Almost all human traits are partly heritable. That’s been known for decades. But until a few years ago, no one knew what specific bits of DNA code determine any given trait. Now, however, geneticists have identified at least a few hundred variants in the DNA code that are statistically associated with important traits such as intelligence, depression and risk tolerance. Over the next decade, they are on track to identify thousands of variants associated with dozens of traits. That achievement will open up the ability to score genetic potential on those traits and thereby revolutionize the social sciences.
The methods of scoring are improving almost monthly, but the essence is simple. Each variant has a version (more precisely, one of the alleles in a single nucleotide polymorphism) associated with a small boost to the trait in question. If you add up those small boosts, you have a score for that trait, in the same sense that you have an IQ score if you add up all the correct answers to the questions on an IQ test. In the case of DNA variants, it is called a “polygenic score.”
Polygenic scores are revolutionary because they are causal in only one direction. They don’t drop because tests make you nervous or rise because you grew up rich. They’re impervious to racism and other forms of prejudice. Socioeconomic and cultural environments can play an important role in how those bits of DNA are expressed, but they don’t change the codes themselves. That means polygenic scores will offer social scientists something they’ve never had before: a secure place to stand in assessing what is innate and what is added by the environment.
Progress during the past five years has been rapid for many traits. In the case of IQ, the share of the variation in scores that can be explained from genetic material alone went from zero in 2015 to 5% in 2018 and 11% in 2019. That doesn’t tell us much about any individual’s IQ, but it’s enough to be useful in addressing many important issues.
To illustrate, consider this fraught question that bears on public policy: What are the effects of socioeconomic disadvantage on IQ? Answers have been frustratingly uncertain. Measures of IQ in early childhood are not only unreliable but already contaminated by environmental effects before birth and during infancy. Polygenic scores for IQ are free of that contamination. They can then be compared with actual IQ scores.
Suppose that, a few years from now, it has been solidly established that adolescents from disadvantaged backgrounds have IQ scores that average 10 points lower than their genetic potential would have led us to expect. Confident new knowledge of that kind will energize the search for effective childhood interventions in ways we can scarcely imagine.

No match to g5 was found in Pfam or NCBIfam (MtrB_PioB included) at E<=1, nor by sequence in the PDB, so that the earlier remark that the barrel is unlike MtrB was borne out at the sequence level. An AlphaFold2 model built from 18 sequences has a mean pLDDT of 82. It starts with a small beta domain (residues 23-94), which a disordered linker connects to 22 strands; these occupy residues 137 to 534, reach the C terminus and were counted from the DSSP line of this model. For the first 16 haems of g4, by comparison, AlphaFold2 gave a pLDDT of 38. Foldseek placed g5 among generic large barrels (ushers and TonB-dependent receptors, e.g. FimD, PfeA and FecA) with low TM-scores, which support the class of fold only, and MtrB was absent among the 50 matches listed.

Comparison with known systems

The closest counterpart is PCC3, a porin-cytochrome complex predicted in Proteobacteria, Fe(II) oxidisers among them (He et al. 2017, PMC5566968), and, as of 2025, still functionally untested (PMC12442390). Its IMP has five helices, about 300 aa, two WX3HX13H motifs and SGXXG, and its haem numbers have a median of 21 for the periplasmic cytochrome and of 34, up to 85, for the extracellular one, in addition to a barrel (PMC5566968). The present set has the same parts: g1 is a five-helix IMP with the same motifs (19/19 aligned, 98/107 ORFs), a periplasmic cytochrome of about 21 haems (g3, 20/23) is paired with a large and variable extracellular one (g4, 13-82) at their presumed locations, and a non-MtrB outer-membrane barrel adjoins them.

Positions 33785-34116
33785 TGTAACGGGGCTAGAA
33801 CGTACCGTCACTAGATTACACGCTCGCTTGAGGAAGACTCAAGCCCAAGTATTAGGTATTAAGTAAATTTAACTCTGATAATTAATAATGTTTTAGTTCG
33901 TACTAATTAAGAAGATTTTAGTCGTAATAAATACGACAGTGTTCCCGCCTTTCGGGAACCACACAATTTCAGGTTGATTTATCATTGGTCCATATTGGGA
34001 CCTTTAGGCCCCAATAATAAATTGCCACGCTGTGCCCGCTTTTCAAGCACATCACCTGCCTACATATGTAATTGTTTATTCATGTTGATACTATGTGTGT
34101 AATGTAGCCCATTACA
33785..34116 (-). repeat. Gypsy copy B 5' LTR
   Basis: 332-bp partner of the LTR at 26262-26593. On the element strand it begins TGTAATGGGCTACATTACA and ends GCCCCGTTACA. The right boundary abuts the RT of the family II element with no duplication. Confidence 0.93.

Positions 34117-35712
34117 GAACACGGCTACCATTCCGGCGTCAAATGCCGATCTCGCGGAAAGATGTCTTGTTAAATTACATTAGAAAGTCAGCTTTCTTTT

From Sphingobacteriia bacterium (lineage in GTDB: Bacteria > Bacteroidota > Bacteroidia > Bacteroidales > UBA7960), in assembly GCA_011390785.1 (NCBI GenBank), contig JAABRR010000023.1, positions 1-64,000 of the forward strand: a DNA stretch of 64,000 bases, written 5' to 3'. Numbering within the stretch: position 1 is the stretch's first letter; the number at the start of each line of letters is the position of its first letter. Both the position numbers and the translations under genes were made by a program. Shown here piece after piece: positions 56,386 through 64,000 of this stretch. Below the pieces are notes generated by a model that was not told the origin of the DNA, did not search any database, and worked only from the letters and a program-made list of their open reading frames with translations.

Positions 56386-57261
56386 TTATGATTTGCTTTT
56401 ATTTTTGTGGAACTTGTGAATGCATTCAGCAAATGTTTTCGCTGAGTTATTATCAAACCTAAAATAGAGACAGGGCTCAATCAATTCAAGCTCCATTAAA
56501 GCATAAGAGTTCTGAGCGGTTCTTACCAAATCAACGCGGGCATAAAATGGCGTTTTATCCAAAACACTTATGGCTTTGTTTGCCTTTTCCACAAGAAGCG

Suppose instead it is found that the adolescent IQ scores of children from disadvantaged backgrounds are about the same as we’d expect from their polygenic scores. That will provide an incentive to foster human flourishing for people with lesser abilities—an issue that has been criminally ignored in our era’s insistence that all the children can be above average.
I expect that the results will be somewhere in between. They will nonetheless teach us much about untapped potential that we don’t know now. More broadly, we will be able to demystify the role of the environment. As matters stand, many social scientists believe that the environment interacts in endlessly complicated ways with genes. Is that true?
When the environment is a pervasive and complex force, the comparisons of polygenic scores and actual behavior will reveal that complexity and be a rich source of information for future research. But it’s also possible—at least for some traits in some populations in some situations—that the role of the environment is neither complicated nor significant. That too would be an important finding.
I don’t expect such analyses will be free of controversy. I am asserting that they are technically feasible, will be conducted within a few years, and will offer powerful tests of questions that have been argued for decades.
I have presented an optimistic view of the coming genomic revolution. Some prominent scholars adamantly disagree. They argue that science is about understanding causal pathways. Complex social behaviors such as marriage and divorce are known to be partly heritable but they do not have a specific genetic etiology. In the words of one of the leading pessimists, psychologist Eric Turkheimer, causal explanations are not going to be found in individual bits of DNA “any more than explanations of plate tectonics can be found in the chemical composition of individual rocks.”
That is certainly true now and may remain so indefinitely. But social science has never been about causal pathways at the molecular level. Rather, it has been about explaining enough variation to achieve predictive validity. It’s a common situation, even in the hard sciences. The landmark discoveries of Galileo, Newton, Faraday and Maxwell were validated solely by their predictive validity. Predictive validity is what polygenic scores will give us.
We’re not there yet. I think the application of genomic data to social science questions is roughly where aviation was in 1908. The world’s best plane, the Wright Flyer, was little more than a toy. Yet within a decade, thousands of acrobatically maneuverable aircraft were flying high and fast over the battlefields of Europe.
The history of science allows one more prediction. When a scientific discipline gets a major new tool—such as the microscope or spectrometer—its eventual uses sprawl far beyond its original ones. Polygenic scores will be a similarly multipurpose tool, with open-ended potential for finding answers to questions today’s social scientists can’t even imagine.
Mr. Murray is a scholar at the American Enterprise Institute and author of the new book “Human Diversity: The Biology of Gender, Race and Class,” from which this article is adapted.